Substance abuse is often a cause of homelessness. Addictive disorders disrupt relationships with familyand friends and often cause people to lose their jobs. For people who are already struggling to pay theirbills, the onset or exacerbation of an addiction may cause them to lose their housing. A 2008 survey bythe United States Conference of Mayors asked 25 cities for their top three causes of homelessness.Substance abuse was the single largest cause of homelessness for single adults (reported by 68% of cities).Substance abuse was also mentioned by 12% of cities as one of the top three causes of homelessness forfamilies. According to Didenko and Pankratz (2007), two-thirds of homeless people report that drugsand/or alcohol were a major reason for their becoming homeless.In many situations, however, substance abuse is a result of homelessness rather than a cause. People whoare homeless often turn to drugs and alcohol to cope with their situations. They use substances in anattempt to attain temporary relief from their problems. In reality, however, substance dependence onlyexacerbates their problems and decreases their ability to achieve employment stability and get off thestreets. Additionally, some people may view drug and alcohol use as necessary to be accepted among thehomeless community (Didenko and Pankratz, 2007).Breaking an addiction is difficult for anyone, especially for substance abusers who are homeless. Tobegin with, motivation to stop using substances may be poor. For many homeless people, survival is moreimportant than personal growth and development, and finding food and shelter take a higher priority thandrug counseling. Many homeless people have also become estranged from their families and friends.Without a social support network, recovering from a substance addiction is very difficult. Even if they do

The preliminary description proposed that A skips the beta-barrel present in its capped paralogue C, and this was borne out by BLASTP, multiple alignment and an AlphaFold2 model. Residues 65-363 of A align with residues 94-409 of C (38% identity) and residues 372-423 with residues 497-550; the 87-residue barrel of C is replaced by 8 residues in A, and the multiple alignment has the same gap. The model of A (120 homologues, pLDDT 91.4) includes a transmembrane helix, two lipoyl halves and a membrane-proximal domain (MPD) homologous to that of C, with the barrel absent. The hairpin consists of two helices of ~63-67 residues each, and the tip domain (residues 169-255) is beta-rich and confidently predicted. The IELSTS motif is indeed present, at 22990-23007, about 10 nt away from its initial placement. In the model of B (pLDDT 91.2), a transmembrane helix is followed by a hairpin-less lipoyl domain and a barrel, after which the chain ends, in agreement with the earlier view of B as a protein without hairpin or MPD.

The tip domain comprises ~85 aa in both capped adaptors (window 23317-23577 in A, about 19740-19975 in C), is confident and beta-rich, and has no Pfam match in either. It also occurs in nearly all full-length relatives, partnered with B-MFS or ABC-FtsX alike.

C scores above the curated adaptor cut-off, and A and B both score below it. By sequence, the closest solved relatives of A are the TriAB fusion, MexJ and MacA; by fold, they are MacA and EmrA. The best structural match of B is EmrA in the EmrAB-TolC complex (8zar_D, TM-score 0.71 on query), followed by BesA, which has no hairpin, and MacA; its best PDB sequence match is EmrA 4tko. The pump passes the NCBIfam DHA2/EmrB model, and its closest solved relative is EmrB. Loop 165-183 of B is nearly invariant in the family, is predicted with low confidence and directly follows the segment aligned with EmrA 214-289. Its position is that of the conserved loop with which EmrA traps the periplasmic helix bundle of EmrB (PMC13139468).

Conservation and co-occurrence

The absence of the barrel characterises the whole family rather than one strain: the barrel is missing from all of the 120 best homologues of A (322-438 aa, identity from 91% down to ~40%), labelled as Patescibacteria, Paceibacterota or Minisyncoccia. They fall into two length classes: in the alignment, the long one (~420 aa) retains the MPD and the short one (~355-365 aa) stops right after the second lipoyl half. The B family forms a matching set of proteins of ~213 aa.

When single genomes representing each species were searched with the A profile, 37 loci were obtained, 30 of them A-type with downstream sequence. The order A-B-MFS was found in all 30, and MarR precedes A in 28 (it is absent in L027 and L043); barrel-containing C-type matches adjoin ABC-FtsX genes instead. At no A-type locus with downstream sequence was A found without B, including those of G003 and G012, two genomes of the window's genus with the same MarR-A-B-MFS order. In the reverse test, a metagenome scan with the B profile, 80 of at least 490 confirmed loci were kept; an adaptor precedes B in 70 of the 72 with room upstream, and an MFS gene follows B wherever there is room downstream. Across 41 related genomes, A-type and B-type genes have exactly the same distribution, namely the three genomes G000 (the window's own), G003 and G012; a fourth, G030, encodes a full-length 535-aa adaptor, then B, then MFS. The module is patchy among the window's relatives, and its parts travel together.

break their addictions, homeless people may have difficulty remaining sober while living on the streetswhere substances are so widely used (Fisher and Roget, 2009). Unfortunately, many treatment programsfocus on abstinence only programming, which is less effective than harm-reduction strategies and does notaddress the possibility of relapse (National Health Care for the Homeless Council, 2007).For many homeless people, substance abuse co-occurs with mental illness. Often, people with untreatedmental illnesses use street drugs as an inappropriate form of self-medication. Homeless people with bothsubstance disorders and mental illness experience additional obstacles to recovery, such as increased risk for violence and victimization and frequent cycling between the streets, jails, and emergency rooms(Fisher and Roget, 2009). Sadly, these people are often unable to find treatment facilities that will helpthem. Many programs for homeless people with mental illnesses do not accept people with substanceabuse disorders, and many programs for homeless substance abusers do not treat people with mentalillnesses.